U.S.-European relations hit a dramatic and highly visible low point in the weeks leading up to the
U.S. invasion of Iraq in March 2003. With the exception of the British government, which was, of
course, supportive of the enterprise, many long-time U.S. allies – including, most prominently,
France and Germany – were openly hostile to the American action. Relations have recovered, to a
degree at least on an official level, but disagreements persist and resentments fester on both sides
of the Atlantic four years after the onset of the war.
Is the damage that has been inflicted on the relationship irreparable in some sense? Or, as on so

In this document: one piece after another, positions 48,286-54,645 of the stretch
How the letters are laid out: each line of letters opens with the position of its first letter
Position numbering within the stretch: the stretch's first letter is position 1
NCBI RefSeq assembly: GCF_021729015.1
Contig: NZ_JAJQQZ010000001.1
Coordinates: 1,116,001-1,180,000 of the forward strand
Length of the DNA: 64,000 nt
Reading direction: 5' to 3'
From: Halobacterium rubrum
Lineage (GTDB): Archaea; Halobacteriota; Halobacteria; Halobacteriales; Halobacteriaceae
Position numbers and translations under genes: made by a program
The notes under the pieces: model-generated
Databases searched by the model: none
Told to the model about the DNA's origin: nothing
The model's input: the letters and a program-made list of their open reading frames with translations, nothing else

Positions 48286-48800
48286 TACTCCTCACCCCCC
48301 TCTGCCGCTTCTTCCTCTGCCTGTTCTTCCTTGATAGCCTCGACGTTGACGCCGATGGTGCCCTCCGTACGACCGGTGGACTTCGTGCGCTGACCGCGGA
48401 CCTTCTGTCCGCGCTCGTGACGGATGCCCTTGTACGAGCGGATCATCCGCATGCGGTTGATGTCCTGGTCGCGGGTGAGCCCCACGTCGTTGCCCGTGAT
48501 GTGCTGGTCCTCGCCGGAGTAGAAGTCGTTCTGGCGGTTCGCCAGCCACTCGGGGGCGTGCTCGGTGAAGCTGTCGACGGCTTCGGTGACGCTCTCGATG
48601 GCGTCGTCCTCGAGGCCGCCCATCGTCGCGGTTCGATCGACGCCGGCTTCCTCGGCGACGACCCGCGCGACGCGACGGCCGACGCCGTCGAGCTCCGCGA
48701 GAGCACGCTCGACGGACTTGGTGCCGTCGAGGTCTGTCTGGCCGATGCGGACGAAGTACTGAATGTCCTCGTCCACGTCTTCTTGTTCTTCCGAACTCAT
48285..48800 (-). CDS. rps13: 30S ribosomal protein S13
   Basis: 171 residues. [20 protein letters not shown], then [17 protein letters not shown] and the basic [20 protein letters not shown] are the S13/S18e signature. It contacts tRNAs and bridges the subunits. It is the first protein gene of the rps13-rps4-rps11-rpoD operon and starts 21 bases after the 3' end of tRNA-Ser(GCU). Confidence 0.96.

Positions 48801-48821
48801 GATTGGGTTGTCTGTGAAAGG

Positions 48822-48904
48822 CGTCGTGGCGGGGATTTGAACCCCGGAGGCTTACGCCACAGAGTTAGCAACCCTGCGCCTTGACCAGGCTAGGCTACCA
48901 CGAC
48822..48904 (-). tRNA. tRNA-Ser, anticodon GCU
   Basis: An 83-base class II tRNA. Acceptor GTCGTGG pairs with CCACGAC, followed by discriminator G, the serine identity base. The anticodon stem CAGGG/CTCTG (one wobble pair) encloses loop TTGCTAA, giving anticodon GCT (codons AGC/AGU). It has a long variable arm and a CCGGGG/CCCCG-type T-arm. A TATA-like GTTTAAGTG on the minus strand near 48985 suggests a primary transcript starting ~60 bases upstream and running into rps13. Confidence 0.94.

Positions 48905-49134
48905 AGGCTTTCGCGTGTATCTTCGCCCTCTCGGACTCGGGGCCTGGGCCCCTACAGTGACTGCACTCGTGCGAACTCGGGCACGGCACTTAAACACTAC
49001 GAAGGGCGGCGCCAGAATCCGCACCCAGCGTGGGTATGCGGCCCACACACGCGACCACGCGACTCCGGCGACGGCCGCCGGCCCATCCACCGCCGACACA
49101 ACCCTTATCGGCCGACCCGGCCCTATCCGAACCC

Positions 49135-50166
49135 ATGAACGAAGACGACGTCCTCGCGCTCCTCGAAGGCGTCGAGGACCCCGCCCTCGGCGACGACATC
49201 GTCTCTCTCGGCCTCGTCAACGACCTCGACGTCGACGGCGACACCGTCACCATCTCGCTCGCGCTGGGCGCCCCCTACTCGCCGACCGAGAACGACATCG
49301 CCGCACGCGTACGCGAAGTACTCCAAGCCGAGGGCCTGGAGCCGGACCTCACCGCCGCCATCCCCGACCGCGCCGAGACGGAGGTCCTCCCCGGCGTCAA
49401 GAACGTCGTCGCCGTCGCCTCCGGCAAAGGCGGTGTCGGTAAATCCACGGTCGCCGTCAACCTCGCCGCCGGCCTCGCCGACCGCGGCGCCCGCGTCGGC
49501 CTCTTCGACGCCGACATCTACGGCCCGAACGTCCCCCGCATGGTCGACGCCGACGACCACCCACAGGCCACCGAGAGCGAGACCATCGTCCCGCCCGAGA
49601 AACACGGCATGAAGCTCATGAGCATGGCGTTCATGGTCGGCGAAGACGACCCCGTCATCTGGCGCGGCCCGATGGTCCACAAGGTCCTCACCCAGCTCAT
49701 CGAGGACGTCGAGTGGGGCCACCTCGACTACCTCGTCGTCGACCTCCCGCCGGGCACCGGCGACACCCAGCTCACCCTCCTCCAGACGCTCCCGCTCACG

many other occasions since the establishment of the trans-Atlantic partnership at the mid-point of
the last century, is the current unpleasantness likely to prove transitory? While the arrows point in
both directions, the evidence continues to mount that the tensions so much in evidence between
the two sides over the course of the last half-decade or so transcend disputes over particular
issues. If this is true – which I believe it is – then our differences over Iraq are a reflection of
something much deeper that is underway within the relationship, and not, in and of themselves,
the cause – or even a cause – of the problem.
The real issue, it seems to me, is not whether relations between the United States and Europe can
be repaired. Within limits, they can and will be. The more interesting – and important – question is
whether the very nature of the relationship has changed (and is continuing to change) and if so,
how, why, and with what implications for the future?